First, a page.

The improvement of NWP systems is based on the R&D departments of the NMS, which cooperate extensively with each other, but also with Universities and Research Organizations. There are still major knowledge challenges in the field of atmospheric processes and predictability, with obvious societal benefits that justify the public authorities devoting significant resources to this subject (in France, in university and CNRS laboratories in particular). The development of observation systems also leads to active technological research, with significant industrial benefits, particularly in the space sector, but also for ground-based radars and lidars .
Among the major R&D trends currently observed (2016), we can note in particular:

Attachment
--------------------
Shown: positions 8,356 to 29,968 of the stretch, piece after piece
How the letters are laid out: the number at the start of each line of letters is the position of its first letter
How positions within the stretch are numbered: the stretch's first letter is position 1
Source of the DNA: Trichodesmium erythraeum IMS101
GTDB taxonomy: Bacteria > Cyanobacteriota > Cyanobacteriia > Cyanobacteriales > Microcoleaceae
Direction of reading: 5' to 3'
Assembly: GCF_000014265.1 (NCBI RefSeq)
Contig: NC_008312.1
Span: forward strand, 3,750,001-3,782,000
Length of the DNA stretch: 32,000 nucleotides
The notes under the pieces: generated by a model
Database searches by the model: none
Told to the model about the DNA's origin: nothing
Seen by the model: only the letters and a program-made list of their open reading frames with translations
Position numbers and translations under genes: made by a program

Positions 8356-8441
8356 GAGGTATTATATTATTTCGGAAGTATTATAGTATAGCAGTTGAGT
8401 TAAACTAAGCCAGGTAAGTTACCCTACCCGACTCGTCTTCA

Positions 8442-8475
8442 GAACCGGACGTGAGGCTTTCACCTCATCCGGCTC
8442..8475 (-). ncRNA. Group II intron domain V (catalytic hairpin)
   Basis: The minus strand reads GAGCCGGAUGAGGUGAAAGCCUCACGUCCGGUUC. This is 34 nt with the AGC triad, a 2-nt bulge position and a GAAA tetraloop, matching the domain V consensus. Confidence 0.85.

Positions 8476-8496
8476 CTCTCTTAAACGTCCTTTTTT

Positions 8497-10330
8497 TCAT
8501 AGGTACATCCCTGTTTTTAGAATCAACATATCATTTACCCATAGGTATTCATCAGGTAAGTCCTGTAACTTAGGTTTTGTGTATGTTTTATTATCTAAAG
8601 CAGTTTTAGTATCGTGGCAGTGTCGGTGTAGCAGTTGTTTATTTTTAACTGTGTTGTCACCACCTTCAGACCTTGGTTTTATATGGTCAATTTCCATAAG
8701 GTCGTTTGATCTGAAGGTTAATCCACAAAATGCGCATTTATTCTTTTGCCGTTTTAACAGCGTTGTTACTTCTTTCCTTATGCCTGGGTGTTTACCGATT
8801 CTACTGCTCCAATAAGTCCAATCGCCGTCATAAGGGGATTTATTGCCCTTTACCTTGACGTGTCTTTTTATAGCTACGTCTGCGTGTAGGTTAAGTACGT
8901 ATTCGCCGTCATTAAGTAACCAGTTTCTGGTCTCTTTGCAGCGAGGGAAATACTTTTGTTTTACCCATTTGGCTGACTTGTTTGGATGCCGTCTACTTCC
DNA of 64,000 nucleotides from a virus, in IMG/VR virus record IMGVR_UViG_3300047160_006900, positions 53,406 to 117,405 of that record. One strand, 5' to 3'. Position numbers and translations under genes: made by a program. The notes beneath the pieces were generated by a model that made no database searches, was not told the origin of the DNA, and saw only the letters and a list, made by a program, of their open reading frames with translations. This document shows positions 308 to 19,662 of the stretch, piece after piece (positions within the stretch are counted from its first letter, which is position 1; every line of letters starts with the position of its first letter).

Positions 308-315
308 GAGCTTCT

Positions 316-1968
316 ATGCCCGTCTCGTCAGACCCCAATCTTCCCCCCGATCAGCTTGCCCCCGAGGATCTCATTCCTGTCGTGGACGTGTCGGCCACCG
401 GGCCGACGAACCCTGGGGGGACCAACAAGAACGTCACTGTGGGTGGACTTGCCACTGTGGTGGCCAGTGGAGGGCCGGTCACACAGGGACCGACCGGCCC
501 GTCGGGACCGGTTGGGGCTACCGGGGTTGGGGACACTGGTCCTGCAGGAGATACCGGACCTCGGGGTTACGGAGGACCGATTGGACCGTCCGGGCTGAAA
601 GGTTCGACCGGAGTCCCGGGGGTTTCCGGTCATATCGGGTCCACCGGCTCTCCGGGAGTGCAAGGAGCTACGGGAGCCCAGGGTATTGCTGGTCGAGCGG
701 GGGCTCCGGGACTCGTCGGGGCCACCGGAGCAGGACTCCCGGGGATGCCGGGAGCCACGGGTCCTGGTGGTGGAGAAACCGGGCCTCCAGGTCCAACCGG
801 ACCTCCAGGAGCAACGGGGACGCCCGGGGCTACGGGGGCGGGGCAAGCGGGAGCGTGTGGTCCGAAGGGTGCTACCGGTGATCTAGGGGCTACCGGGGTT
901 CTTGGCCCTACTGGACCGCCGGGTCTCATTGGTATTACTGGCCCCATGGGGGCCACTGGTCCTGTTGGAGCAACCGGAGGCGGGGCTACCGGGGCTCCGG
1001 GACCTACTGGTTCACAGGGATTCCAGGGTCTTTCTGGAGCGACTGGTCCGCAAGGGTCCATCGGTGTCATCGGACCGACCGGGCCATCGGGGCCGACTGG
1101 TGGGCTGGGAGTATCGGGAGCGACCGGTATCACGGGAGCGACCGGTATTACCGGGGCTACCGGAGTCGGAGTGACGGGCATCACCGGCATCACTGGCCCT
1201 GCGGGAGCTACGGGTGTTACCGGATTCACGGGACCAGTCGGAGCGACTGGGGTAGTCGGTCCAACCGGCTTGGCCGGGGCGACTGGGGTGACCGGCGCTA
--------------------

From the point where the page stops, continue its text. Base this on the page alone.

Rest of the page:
– The profound rewriting of codes to make the most of the new massively parallel computer architectures (problem of “scalability” ).
– The development of “coupled” prediction systems, in which one or more of the following modules are added to the atmospheric dynamics and physics model: underlying continental surface, ocean and wave dynamics, atmospheric composition (chemical species and especially aerosols). For this reason, NWP models increasingly resemble climate models, and most countries are seeking to share developments for NWP and climate.
– The development of ensemble predictions, which are now applied not only to the atmosphere, but also to other models (ocean and sea state, air quality, hydrology, snow cover, etc.)
– The accuracy and number of satellite observations are changing rapidly: the first direct wind measurements from Earth orbit are expected in 2017 (ESA’s ADM-AEOLUS Doppler lidar) and the first hyperspectral measurements in infrared from a geostationary satellite (3rd generation Meteosat IRS Instrument) are expected in 2020. Weather radar measurements are also becoming more efficient and varied.